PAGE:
Production cuts, halted projects and operations, as well as renewed interest from investors has helped drive uranium prices up by 30% in the past four months, but experts remain cautious about the long-term outlook for the commodity.
Decade-low prices have had a negative effect on the profitability of existing mines and a devastating effect on the capacity of early-stage projects to raise the necessary funding to be mine-ready when demand picks up.
“The overall nuclear fuel chain remains a challenging environment, with low prices across the chain weighing on margins for producers and consumers,” BMO analysts Colin Hamilton and Alexander Pearce said in a seminar part of the World Nuclear Association’s (WNA) Symposium, which kicked off in London on Wednesday.
They noted, however, that recent supply cutbacks by major producers — mainly Canada’s Cameco (TSX:CCO) (NYSE:CCJ) and Kazakhstan’s state-owned miner Kazatomprom —, as well as the closure of a number of higher-cost mines, are starting to shift the balance into a deficit for the first time in more than a decade.
Cameco, the world’s largest publicly traded uranium producer, has indefinitely suspended key operations and reduced its workforce across all sites, including its head office.
Kazatomprom, in turn, not only lowered output, but also recently bypassed the spot market by selling a big portion of its annual output production to Yellow Cake, a London-listed investment vehicle planning to buy and store large amounts of the metal in anticipation of higher prices.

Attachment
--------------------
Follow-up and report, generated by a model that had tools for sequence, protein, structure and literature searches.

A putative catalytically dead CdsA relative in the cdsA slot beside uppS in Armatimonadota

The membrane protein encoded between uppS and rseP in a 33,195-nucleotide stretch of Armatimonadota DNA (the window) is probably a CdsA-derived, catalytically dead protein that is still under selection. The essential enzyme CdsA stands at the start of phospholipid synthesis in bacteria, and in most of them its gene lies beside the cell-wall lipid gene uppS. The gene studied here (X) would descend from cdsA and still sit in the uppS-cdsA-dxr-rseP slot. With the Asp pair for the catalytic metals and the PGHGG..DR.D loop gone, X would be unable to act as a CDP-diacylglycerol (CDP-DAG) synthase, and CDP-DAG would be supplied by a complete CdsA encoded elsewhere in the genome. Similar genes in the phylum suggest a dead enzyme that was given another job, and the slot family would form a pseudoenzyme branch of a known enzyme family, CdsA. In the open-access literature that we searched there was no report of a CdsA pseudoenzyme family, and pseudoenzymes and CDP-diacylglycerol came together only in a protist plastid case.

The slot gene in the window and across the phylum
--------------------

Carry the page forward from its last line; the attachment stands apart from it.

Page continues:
The entrance of new buyers such as Yellow Cake and hedge funds could make the supply shortage even more steep, BMO’s Hamilton said.
The key, he added, would be to determine how much of the currently excessive inventory levels are actually available to the market.
BMO estimates global inventories have increased from 598mlb of uranium in 2009 to almost 800mlb, or about four years of demand. However, it doesn’t have a rough guess of how much of that stock is uncommitted and available to trade.
While he still sees inventories as an overhang for uranium, the recent market events show the supply side of the industry is beginning to address issues that have led to consistent inventory build over the past decade.
Demand, while still relatively soft, is expected to pick up. There are 55 nuclear reactors currently under construction globally, which will need a steady supply of the metal. China and India, in turn continue to lead that charge as both have aggressive growth policies reliant on nuclear power.
Canada’s financial advisor firm Raymond James expects global consumption to increase from about 172 million pounds in 2017 to about 190 million pounds in 2019 and anticipates a supply gap emerging in 2022-2023.
“Given the concentration of production in a few regions (Kazakhstan and Russia now represent over 50% of global primary production), any supply disruptions could lead to meaningful price moves as security of supply concerns return,” Raymond James’s mining analyst Brian MacArthur told the Northern Miner in August.
The source of uranium supply has changed dramatically over the last decade, creating a situation where their security could quickly return if shipments to the west from Russia and Kazakhstan were cut off, MacArthur concluded.